To open a Favorite file, display the Open dialog box and click the Favorites icon on the Places Bar. Browse to the file, select it, and click Open.
What if you expect to work on the same document constantly for a long period of time? Say you're writing a book, for instance. You can create a shortcut to that document on your Windows 98 or NT 4.0 desktop. After you do, you can double-click the shortcut to open Word and your document at the same time.
To create the shortcut from within either the Save As or Open dialog boxes, right-click the file you want to create a shortcut for. Then, from the shortcut menu, choose Send To, Desktop as Shortcut.
Opening a File As Read-Only or As a Copy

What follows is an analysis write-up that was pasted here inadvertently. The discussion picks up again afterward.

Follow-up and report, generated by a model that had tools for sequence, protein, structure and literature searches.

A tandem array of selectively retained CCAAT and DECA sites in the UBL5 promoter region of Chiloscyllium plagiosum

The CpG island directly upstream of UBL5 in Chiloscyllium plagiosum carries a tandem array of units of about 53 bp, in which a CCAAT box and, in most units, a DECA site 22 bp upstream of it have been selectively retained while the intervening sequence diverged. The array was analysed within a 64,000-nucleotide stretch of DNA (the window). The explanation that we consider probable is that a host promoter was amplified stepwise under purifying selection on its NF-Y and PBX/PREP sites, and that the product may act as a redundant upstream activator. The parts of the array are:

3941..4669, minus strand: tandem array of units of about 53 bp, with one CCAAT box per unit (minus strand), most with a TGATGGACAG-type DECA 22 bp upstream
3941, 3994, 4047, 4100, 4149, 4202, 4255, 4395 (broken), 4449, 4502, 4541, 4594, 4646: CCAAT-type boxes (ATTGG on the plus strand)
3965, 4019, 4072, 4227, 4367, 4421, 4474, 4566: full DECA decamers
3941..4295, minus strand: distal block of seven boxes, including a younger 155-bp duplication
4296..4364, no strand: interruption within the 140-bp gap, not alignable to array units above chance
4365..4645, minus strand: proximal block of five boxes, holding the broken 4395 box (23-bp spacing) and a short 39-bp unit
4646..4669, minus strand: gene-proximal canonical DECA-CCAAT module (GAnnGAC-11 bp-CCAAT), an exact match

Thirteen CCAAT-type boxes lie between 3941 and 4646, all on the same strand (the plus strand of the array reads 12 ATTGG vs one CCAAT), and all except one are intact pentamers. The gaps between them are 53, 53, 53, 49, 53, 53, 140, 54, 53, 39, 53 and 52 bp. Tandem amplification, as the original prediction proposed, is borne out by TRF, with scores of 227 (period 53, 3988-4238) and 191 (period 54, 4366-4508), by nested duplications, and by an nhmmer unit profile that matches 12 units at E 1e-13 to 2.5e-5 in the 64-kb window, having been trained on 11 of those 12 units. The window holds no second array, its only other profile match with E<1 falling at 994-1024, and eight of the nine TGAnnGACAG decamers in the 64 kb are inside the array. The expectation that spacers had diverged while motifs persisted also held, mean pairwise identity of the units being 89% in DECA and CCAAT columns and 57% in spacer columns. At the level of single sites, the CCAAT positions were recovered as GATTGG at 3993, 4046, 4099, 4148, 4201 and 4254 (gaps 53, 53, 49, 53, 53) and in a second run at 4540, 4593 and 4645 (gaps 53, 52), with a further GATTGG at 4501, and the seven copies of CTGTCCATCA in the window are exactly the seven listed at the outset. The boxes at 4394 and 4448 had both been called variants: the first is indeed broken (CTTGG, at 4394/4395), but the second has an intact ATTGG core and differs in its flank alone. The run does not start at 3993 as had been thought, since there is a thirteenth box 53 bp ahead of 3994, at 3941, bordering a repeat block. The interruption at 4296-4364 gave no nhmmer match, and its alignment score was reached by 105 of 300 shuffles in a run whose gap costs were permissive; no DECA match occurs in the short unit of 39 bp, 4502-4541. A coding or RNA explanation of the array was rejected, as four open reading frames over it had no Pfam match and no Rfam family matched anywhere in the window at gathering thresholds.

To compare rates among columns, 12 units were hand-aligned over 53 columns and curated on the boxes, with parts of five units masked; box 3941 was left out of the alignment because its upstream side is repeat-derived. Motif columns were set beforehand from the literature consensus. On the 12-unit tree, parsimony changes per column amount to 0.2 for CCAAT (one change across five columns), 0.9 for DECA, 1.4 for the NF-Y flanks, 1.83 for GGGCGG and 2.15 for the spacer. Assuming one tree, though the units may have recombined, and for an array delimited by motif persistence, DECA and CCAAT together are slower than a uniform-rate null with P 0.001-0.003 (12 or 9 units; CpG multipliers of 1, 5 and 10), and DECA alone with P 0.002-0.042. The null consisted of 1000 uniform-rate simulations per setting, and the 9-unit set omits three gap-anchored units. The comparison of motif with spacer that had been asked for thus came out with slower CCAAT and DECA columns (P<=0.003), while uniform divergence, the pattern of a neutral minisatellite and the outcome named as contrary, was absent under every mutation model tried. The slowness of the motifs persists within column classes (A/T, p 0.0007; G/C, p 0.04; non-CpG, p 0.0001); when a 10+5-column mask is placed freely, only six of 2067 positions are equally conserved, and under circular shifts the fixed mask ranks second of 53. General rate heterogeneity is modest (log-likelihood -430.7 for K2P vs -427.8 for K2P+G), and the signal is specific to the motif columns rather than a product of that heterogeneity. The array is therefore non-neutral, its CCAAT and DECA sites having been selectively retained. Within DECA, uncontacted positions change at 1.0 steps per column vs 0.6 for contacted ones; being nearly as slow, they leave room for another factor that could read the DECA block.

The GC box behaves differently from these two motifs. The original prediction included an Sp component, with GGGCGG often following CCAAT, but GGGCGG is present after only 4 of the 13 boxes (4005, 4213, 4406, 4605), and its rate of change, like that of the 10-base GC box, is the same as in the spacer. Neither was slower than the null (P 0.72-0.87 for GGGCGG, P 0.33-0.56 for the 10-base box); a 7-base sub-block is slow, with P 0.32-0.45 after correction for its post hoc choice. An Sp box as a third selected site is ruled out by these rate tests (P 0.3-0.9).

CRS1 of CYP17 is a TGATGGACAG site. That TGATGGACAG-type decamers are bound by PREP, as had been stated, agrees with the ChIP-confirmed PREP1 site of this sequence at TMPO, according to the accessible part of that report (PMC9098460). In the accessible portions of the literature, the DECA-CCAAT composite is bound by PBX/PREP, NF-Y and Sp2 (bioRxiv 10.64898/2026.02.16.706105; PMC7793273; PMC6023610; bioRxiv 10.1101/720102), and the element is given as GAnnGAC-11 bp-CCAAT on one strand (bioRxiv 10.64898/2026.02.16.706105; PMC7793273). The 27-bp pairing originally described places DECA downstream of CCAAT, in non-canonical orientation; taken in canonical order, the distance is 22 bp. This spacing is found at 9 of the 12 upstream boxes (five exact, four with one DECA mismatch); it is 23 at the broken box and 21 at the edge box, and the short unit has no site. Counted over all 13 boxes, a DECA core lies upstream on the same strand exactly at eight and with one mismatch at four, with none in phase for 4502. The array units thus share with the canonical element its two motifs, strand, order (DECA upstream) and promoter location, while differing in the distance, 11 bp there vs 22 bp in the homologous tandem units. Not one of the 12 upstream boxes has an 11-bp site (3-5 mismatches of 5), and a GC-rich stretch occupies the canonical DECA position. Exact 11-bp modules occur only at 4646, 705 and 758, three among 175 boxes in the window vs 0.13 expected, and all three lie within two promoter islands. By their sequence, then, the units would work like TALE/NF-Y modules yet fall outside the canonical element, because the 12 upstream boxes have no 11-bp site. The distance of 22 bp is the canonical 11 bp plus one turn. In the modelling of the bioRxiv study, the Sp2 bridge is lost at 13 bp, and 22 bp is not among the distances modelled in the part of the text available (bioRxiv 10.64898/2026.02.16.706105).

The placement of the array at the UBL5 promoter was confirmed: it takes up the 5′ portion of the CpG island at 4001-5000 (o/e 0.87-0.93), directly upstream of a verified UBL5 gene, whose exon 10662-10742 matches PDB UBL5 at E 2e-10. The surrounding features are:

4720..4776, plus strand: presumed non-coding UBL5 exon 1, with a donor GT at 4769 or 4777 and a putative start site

Normally, when you find the file you want, you simply click Open to open and work in it. However, Word 2002 gives you some additional one-click options. To see these choices in the Open dialog box, right-click on the down arrow next to the Open button (see Figure 3.20).
Figure 3.20 Choosing how you want to open a file.
Open Read-Only. Word opens the file but prevents you from making changes to it.
Open as Copy. Word creates a new copy of the file and opens the copy. Word starts the filename with the words Copy of. (In other words, if the original file was called STONE.DOC, the copy is named Copy of STONE.DOC.)
Open in Browser. This option works only if you've selected an HTML or HTM file. Choosing Open in Browser displays the file in Internet Explorer (or whatever browser you've registered as your primary browser) instead of in Word. If you're using Internet Explorer, you can later edit the document in Word by clicking the arrow next to the Edit button on the Internet Explorer Standard Buttons toolbar and choosing Edit with Microsoft Word from the drop-down box.
Open and Repair. Word attempts to open a damaged file and make repairs.